It was a mild shock, not to say disappointment, to learn that virgins could
take off their virgin sans O’s like the kind in Love and Basketball.

Our courting, dynamic, felt
that belligerent-beloved to me. That charmed.

But girls did, must—if I had—take it off without ‘O’ and even without
leaving that infamous magic bindi on the sheets after his slam dunk.

I didn’t understand how my innocence could have
been left on a mattress on his floor so many weeks ago now—multiple replays since—

And not one firework. Fast-walking pretend-purposeful, I went
Laps around Barnes & Noble, one eye on Sexuality. I 

Didn’t understand why there was a middle-aged man in cut-offs
Motionless as installation in front of “Sex for Dummies.”

I settled on a too-large paperback titled I *heart* Female Orgasm.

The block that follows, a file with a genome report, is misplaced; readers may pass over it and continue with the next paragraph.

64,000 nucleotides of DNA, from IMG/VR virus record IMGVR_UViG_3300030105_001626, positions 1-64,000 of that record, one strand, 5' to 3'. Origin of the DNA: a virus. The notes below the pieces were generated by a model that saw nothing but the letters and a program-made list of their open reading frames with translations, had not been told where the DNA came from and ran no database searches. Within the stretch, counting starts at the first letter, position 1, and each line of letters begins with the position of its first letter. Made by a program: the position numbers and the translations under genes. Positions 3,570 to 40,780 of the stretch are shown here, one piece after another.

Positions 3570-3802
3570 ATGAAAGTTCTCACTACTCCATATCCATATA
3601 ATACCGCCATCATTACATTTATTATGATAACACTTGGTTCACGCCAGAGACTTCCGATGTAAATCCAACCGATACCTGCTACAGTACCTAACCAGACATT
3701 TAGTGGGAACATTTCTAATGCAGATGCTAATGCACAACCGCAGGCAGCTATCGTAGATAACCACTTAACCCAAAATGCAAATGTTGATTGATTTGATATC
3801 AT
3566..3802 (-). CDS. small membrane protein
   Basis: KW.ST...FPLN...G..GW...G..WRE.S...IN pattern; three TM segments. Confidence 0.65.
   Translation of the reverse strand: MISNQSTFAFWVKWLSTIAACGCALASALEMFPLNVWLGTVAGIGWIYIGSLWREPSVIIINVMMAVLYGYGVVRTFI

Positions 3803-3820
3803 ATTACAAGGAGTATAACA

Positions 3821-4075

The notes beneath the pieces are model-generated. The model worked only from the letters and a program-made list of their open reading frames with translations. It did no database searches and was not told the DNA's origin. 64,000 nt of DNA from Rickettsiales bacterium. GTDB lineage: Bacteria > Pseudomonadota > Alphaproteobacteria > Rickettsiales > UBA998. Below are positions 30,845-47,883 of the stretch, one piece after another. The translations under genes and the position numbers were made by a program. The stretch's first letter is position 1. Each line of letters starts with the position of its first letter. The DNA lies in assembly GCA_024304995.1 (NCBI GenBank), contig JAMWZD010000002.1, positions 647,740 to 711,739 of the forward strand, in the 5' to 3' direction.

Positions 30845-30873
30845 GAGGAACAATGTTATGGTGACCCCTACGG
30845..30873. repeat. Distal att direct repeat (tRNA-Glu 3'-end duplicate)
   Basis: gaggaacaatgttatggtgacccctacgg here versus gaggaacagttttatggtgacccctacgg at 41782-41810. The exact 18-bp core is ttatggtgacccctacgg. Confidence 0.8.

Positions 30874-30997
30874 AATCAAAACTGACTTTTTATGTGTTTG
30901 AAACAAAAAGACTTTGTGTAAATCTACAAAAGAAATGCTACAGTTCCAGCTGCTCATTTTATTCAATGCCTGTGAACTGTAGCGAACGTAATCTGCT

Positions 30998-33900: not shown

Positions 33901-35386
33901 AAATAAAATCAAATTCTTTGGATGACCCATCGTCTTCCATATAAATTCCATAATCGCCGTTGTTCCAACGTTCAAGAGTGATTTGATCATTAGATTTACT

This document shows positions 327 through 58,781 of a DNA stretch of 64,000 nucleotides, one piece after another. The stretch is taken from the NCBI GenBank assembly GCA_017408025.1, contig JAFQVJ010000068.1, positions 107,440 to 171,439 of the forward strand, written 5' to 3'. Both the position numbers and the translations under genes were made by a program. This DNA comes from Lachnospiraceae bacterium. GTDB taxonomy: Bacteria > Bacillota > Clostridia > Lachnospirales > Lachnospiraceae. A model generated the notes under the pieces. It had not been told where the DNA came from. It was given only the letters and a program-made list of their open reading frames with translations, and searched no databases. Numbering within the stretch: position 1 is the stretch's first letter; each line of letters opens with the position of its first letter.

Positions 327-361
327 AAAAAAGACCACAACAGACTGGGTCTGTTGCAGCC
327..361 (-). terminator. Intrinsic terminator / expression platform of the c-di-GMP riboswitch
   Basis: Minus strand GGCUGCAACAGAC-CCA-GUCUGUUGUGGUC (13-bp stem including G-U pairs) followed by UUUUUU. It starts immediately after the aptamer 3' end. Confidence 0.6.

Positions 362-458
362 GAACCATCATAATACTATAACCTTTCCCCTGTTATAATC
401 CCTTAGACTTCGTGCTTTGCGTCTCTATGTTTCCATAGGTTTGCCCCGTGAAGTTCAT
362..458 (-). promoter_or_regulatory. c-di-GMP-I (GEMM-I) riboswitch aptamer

Like I Heart Huckabees,
I thought. Lapping again, I practiced

Naomi Watts duck-face fffuckabees.
It turned out the book had very little regard for orgasms of the kind

Produced by Spike Lee. It turned out that mattress wasn’t any more
magical, even for a first, than a red-brown stain, than a sink that doesn’t even whisper net.

And it turned out my O-virgin was just waiting for an honest-to-goodness
Fourth of July, honest-to-God fireworks, to self-destruct.

Laura Page is founding editor of the fledgling poetry journal Virga. Her work has appeared in Rust + Moth, Crab Creek Review, The Fanzine, HYPERTEXT, Tinderbox Poetry Journal, and elsewhere. She is the author of two chapbooks: Children, Apostates (Dancing Girl Press, 2016) and Sylvia Plath in the Major Arcana (Anchor & Plume, forthcoming).